What is your style of American Catholicism?
created with QuizFarm.com
Not a big surprise.
Columbus pwns you!
Sunday, October 09, 2005
This is a pivotal game for the Pats. If they blow this, and they had a lead, I think that they can kiss goodbye to hopes for a 3rd consecutive Superbowl win, as it would be their third loss of the season. But if they win, their hopes stay alive.
On the positive side, their division is fairly weak. With 2 loses, they are only a half-game behind the current division leaders. And it would be no major feat to overtake them for the divisional title, which puts them, clearly, in the playoffs.
But I have a bad feeling that this will end up as a lost season if they can't pull off a win this week. I don't know if real football fanatics share my view, but there it is.
Well, they won it, 31-28, with a field goal with 17 seconds left. That creates some needed momentum and positive feeling that can help offset injury problems that, more than anything else, have plagued them the last three weeks.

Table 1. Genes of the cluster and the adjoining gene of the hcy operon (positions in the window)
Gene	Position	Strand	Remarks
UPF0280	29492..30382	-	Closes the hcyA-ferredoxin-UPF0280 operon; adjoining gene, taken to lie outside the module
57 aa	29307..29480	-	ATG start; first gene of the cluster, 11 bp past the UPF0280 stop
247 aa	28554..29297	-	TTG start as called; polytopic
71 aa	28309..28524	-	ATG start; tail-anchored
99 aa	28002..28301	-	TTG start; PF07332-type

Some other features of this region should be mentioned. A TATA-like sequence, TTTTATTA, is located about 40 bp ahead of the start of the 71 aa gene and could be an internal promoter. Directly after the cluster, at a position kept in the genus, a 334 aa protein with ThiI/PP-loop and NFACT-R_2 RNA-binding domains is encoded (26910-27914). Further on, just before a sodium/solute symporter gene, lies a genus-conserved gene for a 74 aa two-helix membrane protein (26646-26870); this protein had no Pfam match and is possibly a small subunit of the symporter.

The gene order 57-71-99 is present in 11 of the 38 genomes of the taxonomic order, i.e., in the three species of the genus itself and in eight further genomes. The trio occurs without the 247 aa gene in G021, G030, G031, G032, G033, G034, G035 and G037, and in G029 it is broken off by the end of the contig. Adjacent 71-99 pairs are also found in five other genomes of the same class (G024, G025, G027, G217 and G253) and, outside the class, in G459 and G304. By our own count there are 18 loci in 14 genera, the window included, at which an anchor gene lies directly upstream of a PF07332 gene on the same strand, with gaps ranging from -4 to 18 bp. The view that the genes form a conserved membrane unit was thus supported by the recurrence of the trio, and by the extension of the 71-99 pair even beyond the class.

Russell Kirk from the cover of a book. The '70s called. They want their jacket back.
Dr. Kirk from the 1950s or 1960s, avec cigar
William F. Buckley, Jr., the other founder of modern American conservatism, c. 1968
From the same Stars & Stripes interview. There are a lot more photos of WFB with a cigar, including the cover of The Sayings of Chairman Bill, but I just could not find them on line.
Many photos of Evelyn Waugh show him with a cigar
A self-portrait of Waugh
With not just a cigar, but a bowler!
An older Waugh
Waugh, painted in youth, with a pipe
A photo from Waugh's youthful, pipe-smoking days
"The cigar numbs sorrow and fills the solitary hours with a million gracious images."